4-dimensional version of the 6 simple machine.

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andykhang
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4-dimensional version of the 6 simple machine.

Postby andykhang » Sat Jan 27, 2018 4:13 am UTC

Just read about it slightly make me wonder: How many simple machine is needed to do all thing in a 4 dimensional space, or alternatively, just how many way is there to applied force in 4 dimension? I know that it's 0 for 0th, 1 for 1th and 3 for 2th if I'm correct?

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Eebster the Great
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Re: 4-dimensional version of the 6 simple machine.

Postby Eebster the Great » Sat Jan 27, 2018 5:37 am UTC

I'm not sure there is any technical definition of "simple machine;" it's kind of a classical idea.

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cyanyoshi
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Re: 4-dimensional version of the 6 simple machine.

Postby cyanyoshi » Sat Jan 27, 2018 5:49 am UTC

F=ma is still intact no matter if you're in 1D, 2D, or 3D, so the main thing that changes when going to higher dimensions is more involved rotational dynamics. Torque is best understood as a bivector rather than as a (pseudo)vector, and angular velocity would have n(n-1)/2 degrees of freedom for n-dimensional space. I can't really say for sure how this would affect the engineering principles of how to get some of this stuff to work (like, would an axle need to be a plane instead of a rod shape?), but Newtonian mechanics should still work just as well in case you want to analyze stuff.

andykhang
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Re: 4-dimensional version of the 6 simple machine.

Postby andykhang » Sat Jan 27, 2018 12:09 pm UTC

So, again, if you boil it down, you only need how many machine to have it all? (In term of movement of force, I mean)

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cyanyoshi
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Re: 4-dimensional version of the 6 simple machine.

Postby cyanyoshi » Sat Jan 27, 2018 4:27 pm UTC

What is or isn't a simple machine is pretty arbitrary. When you get down to it, most are just rigid bodies of varying shapes and friction coeffecients used for different purposes. The one exception is a pulley, which is basically a wheel and axle plus a flexible rope. Why not consider a rope to be a simple machine?

jewish_scientist
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Re: 4-dimensional version of the 6 simple machine.

Postby jewish_scientist » Mon Jan 29, 2018 3:25 am UTC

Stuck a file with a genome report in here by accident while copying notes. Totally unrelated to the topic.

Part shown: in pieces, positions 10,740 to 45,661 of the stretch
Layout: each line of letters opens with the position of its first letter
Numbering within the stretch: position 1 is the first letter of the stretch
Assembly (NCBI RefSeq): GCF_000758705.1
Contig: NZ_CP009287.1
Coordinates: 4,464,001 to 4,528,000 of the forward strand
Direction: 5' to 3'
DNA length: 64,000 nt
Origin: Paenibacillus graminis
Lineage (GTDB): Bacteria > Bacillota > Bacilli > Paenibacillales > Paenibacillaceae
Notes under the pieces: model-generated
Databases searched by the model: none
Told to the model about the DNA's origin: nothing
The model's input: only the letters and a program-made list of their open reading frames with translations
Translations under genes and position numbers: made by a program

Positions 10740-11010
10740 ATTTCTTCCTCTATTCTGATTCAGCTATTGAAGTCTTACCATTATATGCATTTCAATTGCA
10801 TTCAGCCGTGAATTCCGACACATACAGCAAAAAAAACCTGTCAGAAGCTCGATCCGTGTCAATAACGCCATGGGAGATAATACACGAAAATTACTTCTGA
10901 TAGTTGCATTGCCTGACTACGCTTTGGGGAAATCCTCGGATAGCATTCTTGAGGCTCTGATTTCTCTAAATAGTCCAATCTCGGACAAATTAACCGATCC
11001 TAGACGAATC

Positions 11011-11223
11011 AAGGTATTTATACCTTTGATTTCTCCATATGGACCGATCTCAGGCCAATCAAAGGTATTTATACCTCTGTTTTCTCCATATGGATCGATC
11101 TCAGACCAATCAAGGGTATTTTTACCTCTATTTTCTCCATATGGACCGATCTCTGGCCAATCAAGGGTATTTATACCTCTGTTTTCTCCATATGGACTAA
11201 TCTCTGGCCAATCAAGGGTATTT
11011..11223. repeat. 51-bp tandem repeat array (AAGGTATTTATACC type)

I would define a simple machine somewhere along the lines of, "All mechanical processes are the result of one or more simple machines acting in conjunction."

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Eebster the Great
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Re: 4-dimensional version of the 6 simple machine.

Postby Eebster the Great » Mon Jan 29, 2018 7:30 pm UTC

Maybe something like a kinematic pair?

jewish_scientist
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Re: 4-dimensional version of the 6 simple machine.

Postby jewish_scientist » Tue Jan 30, 2018 6:55 pm UTC

It seems to me that kinematic pairs are a way to connect two simple machines in order to form a complex machine.

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Eebster the Great
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Re: 4-dimensional version of the 6 simple machine.

Postby Eebster the Great » Wed Jan 31, 2018 5:14 am UTC

But that's not correct. Simple machines do nothing on their own; they need to be linked to some other object. A wedge does nothing without a floor and something to lift. If you slide a wedge along the floor underneath a load, lifting that load, then you have mechanical advantage. Here, it is the linkage between the wedge, the floor, and the load that is actually important. On the other hand, if you fix the wedge to the floor and push the load up its slope, the wedge suddenly becomes an inclined plane. The only difference between these two simple machines is the linkage. Kinematic pairs are actually more fundamental than simple machines.

I think this becomes even more apparent when you consider the pulley or wheel-and-axle, which I always thought were somewhat silly simple machines.


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